Wednesday, October 24, 2007

The Problem in Canada

by Henry Somerville

In an article on "After-War Problems," the Very Rev. Vincent McNabb, 0. P., wrote:

The chief after-war problem will naturally be how to bring the vision of the Catholic Church, the Bride of Christ, before the millions of our fellow-countrymen. Humanly speaking, our present methods can never hope to succeed in converting the country. Moreover, until we have intelligently and patiently exhausted all the human means of converting our country we have no claims upon the divine help. Prayer that is a substitute for human action neither praises nor persuades, but insults God.

Although Father McNabb is eminent as a Master of Theology whom it would be presumptuous for a lay writer to correct on a theological point, it may be well to mention that Father McNabb cannot mean that we must wait until we have exhausted all human means before we begin to call upon God for His help in our Catholic work. We must use supernatural and natural means simultaneously. However, the lesson that Father McNabb endeavours to drive home so strongly is profoundly true. Nothing will excuse Catholics for neglecting the natural, human means necessary to carry on the apostolic work of the Church.

Amongst our religious duties is the duty of secular efficiency in so far as efficiency in secular things goes to promote the strength and influence of the Catholic body. I imagine that even St. Francis of Assissi, with all his passion for the Lady Poverty and his love for what was lowliest, would not think it desirable that Catholics should be the helots of the community, the hewers of wood and the drawers of water, whilst the higher social functions, the professions of teaching of letters, of journalism, of medicine, of law, the business of government and the leadership of industry were in the hands of heretics.

We can all see that there is no station of life from which Catholic influence should be excluded. We have all to fit ourselves for the most efficient performance of the duties of our station, whether it be a higher or a lower one. The plea for Catholic efficiency is simply a plea for Catholic education in all its branches. We want the best possible secondary education, and the best possible higher education, as well as the best possible primary education. I am not now speaking of religious teaching, the importance of which Catholics recognize, but of secular teaching, the importance of which many Catholics do not recognize. In Toronto not long ago a deceased Catholic's estate, amounting to many thousands of dollars, was distributed according to the terms of the will. For parish purposes and charitable purposes there were very munificent bequests, but for educational work the testator left not one dollar. In some countries such a Catholic will would be regarded as very singular, but here it is the usual thing. It is rather a singularity when a rich Canadian Catholic is found making any substantial endowment for an educational institution. That remarkable priest, who is the head of the Belgian Catholic Labour Unions, Pere Rutten, says: "Catholics aware of their duties and responsibilities have at all times set educational good works in the very forefront of their interests and of their almsgivings." When Father Rutten pleads for Catholic social work he does so on the ground that “social work is only a continuation of the work of education.” It can hardly be said that Catholics throughout Canada set educational good works in the forefront of their interests. There have been very few examples of the munificence that used to be traditional with Catholic patrons of learning, and to which the world owes such universities as Oxford, Cambridge, and Louvain.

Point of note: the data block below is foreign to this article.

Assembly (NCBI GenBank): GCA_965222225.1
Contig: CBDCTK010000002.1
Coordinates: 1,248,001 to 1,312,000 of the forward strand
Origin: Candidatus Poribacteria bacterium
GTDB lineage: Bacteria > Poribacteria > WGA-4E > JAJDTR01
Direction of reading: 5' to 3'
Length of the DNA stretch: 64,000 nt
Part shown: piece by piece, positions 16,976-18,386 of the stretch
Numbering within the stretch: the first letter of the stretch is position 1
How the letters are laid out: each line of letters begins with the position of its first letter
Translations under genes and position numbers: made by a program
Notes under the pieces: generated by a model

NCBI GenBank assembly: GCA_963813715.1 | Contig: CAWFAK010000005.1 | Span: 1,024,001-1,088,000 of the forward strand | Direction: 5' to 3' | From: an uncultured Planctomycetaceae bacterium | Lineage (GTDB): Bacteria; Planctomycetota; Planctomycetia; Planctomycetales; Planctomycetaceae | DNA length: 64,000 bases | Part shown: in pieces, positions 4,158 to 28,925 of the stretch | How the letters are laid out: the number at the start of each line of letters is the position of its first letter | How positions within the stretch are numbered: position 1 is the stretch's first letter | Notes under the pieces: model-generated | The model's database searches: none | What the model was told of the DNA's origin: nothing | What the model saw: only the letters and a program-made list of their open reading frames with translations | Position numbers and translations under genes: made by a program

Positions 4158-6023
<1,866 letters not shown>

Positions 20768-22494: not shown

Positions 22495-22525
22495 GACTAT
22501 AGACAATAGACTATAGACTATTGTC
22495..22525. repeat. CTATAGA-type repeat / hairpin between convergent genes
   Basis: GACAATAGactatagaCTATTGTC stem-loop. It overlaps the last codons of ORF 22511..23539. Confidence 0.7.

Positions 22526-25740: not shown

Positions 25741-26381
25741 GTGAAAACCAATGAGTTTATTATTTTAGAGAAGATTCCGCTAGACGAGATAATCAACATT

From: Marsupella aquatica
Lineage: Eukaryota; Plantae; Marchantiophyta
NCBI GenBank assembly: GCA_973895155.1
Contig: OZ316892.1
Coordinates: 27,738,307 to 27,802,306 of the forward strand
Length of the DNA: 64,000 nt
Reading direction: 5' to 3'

The Nation's Business is Our Business

Catholics will be backward socially (I do not use the word in the snobbish sense) in proportion as they are backward educationally. Such backwardness as exists is due to lack of vision, to lack of real Catholicity. We are too exclusively occupied with our own particular selves, our own particular parishes, our own little localisms. Therefore, we do not make Catholicism the power and influence in the national life that it ought to be. We are not succeeding in "bringing the vision of the Bride of Christ, the Catholic Church, before the millions of our fellow-countrymen." These countrymen of ours are blind and often bigoted. There are Catholics who make this Protestant blindness and consequent bigotry an excuse for every kind of damnable selfishness and narrowness on the part of Catholics themselves, for neglect to share in the nation's work, for refusal to co-operate in patriotic, civic and social undertakings as if they were none of our business. The nation's business is our business. If we serve the nation efficiently we serve the Church. We take the best means to open the eyes of our fellow-countrymen to the fact that Catholicism is not uncivic. If we make ourselves useful we shall make ourselves valued and anti-Catholic prejudice will be dispelled. It is not so much for our own sake that we should seek to dispel prejudice as for the sake of our separated brethren themselves. We might indeed say: “Let Catholics adopt the motto of 'Ourselves Alone,' let them trust to their own resources and leave the bigots to their bigotry.” But such an attitude would be profoundly un-Catholic. It is our strict duty to labour, in spite of all failures, to dispel anti-Catholic prejudices, because without doing that we cannot succeed in what Father McNabb says is our great work, to bring the vision of the Bride of Christ, the Catholic Church, before the millions of our fellow-countrymen.

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